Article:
By Chris Trotter*
Sir Christopher Clark is one of Cambridge University’s most arresting historians. The Sleepwalkers, his book about the outbreak of the First World War, belongs among those rare histories which set out to raise more questions than they can answer. I mention this Australian-born professor because I heard him say something recently, on a topic quite unrelated to the First World War, that provided me with the beginnings of an answer to a question more and more people are asking: “Why can’t this government get anything done?”
In his History Channel series, The Story of Europe, Professor Clark discusses the Renaissance. What made it possible? He mentions the rediscovery of ancient texts, but considers that to be an insufficient explanation: “… another precondition was necessary, one which has always featured prominently in great cultural transformations; a critical mass of talented people among whom ideas … could fall on fertile ground and germinate.”
It is Professor Clark’s grasp of individual agency: on the importance of the right personalities being present at the right place, at the right (or wrong!) moment in time, that distinguishes his view of history from those historiographers who eschew the “great man theory” in favour of the relentless accumulation of economic and social indices. Though Clark is very far from being a Marxist historian, I suspect he would, nevertheless, concur with Marx the journalist, who, in 1852, wrote the following, oft-quoted, words:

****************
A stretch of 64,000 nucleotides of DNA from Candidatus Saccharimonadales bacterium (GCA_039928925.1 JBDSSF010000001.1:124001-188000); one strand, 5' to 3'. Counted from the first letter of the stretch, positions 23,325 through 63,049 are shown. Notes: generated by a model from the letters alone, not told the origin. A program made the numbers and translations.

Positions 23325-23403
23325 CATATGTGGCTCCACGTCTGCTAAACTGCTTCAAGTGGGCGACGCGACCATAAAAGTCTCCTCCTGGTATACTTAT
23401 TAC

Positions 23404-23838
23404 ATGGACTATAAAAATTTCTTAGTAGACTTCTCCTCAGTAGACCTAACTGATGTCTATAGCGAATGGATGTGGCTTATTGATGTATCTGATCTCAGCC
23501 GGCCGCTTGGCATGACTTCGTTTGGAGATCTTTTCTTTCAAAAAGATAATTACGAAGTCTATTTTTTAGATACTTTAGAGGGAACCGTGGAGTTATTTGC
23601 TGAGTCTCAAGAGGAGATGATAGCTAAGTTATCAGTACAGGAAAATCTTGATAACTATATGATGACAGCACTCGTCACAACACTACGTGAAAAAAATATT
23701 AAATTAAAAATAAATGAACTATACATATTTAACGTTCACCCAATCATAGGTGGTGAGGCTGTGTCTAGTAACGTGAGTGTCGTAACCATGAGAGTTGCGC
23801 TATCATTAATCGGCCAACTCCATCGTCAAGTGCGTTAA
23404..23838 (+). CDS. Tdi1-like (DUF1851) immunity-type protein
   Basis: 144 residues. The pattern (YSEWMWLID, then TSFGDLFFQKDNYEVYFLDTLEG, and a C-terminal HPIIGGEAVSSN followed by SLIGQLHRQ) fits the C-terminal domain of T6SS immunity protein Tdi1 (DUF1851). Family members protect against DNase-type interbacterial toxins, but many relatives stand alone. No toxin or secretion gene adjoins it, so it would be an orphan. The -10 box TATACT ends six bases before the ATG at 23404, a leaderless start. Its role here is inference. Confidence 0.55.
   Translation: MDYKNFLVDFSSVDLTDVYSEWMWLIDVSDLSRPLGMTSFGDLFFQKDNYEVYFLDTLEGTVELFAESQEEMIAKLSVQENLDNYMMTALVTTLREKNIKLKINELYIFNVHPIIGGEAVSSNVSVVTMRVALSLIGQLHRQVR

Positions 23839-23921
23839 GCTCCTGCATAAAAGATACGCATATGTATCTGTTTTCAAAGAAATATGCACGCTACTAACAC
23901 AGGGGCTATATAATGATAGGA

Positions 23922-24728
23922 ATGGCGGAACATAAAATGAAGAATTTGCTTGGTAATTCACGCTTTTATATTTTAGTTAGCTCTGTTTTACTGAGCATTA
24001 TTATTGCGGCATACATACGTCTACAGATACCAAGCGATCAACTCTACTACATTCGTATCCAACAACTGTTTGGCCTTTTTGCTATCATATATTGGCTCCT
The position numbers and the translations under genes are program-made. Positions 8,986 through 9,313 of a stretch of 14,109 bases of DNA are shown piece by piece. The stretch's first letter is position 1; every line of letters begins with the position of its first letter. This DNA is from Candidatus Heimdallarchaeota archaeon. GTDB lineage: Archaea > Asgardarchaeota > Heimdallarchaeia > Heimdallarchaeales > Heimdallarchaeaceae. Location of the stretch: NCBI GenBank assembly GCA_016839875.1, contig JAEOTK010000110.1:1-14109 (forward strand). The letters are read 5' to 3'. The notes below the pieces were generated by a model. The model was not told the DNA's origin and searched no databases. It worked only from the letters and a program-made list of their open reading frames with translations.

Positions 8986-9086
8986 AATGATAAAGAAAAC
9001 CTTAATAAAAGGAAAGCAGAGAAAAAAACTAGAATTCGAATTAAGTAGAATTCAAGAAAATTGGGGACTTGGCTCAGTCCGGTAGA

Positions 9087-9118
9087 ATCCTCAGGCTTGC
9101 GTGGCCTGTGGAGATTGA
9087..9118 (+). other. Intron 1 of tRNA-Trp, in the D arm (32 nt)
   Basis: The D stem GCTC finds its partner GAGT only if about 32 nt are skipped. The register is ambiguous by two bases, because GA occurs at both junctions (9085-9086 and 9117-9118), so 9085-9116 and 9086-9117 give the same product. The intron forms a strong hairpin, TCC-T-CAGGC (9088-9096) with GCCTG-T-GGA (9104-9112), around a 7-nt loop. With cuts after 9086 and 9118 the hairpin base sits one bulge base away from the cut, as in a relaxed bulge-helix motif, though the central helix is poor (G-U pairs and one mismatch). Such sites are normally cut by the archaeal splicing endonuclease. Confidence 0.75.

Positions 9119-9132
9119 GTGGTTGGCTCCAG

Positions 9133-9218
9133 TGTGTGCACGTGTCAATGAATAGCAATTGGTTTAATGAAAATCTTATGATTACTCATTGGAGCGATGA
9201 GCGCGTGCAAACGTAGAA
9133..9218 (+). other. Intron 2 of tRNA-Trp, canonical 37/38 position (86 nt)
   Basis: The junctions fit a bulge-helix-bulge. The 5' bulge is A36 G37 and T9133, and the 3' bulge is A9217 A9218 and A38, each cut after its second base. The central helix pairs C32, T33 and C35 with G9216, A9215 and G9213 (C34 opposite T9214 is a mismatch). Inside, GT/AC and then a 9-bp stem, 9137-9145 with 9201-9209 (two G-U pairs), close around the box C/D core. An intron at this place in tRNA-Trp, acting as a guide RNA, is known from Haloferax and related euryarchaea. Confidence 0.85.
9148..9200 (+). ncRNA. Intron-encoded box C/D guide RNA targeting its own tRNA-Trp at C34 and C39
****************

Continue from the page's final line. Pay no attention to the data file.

“Men make their own history, but they do not make it as they please; they do not make it under self-selected circumstances, but under circumstances existing already, given and transmitted from the past. The tradition of all dead generations weighs like a nightmare on the brains of the living.”
In the dark watches of the night, I suspect it is not the deeds of the dead generations that weigh upon the brain of Prime Minister Jacinda Ardern, but those of her colleagues in government who are still very much alive.
With every passing week, the combined effect of the Ardern Ministry’s blunders, boasts and botch-ups makes the job of Simon Bridges and the National Opposition easier and easier. The legendary King Midas turned everything he touched into gold. The most common by-product of the present Coalition Government’s hands-on exertions is considerably more malodorous and much less valuable.
The disaster that is KiwiBuild. The Capital Gains Tax debacle. Ms Julie Anne Genter’s jihad against the private automobile. The persistence of child poverty. Rapidly fraying relationship with the tangata whenua – even with (or, perhaps, because of) the largest Maori Caucus in Labour’s history. Mr Shane Jones’ travelling circus of pomposity, pine trees, and provincial pork. The list goes on, each entry more demoralising than the last.
Small wonder that the Deputy-Prime Minister has taken to his bed, and angrily turned away the Deputy-Opposition Leader’s offer of flowers.
Ms Ardern presides over a collection of parties, and individuals, that could not be further from Professor Clark’s “critical mass of talented people”. Crucially absent from the Coalition Cabinet is a fervent conviction that the realisation of their shared ideals is not only possible, but imminent. The mindset which allowed the men and women of the Renaissance to transform their world simply isn’t there.
What makes this failure of the Coalition to coalesce even more devastating, politically, is that, at the time of its creation, ‘transformation’ – driven by a unifying commitment to progressive change – is precisely what Ardern and her colleagues were promising New Zealanders.
By under-promising and over-delivering, Helen Clark was able to lead New Zealand for nine years. By wildly over-promising and spectacularly under-delivering, Jacinda Ardern will be lucky to win a second term.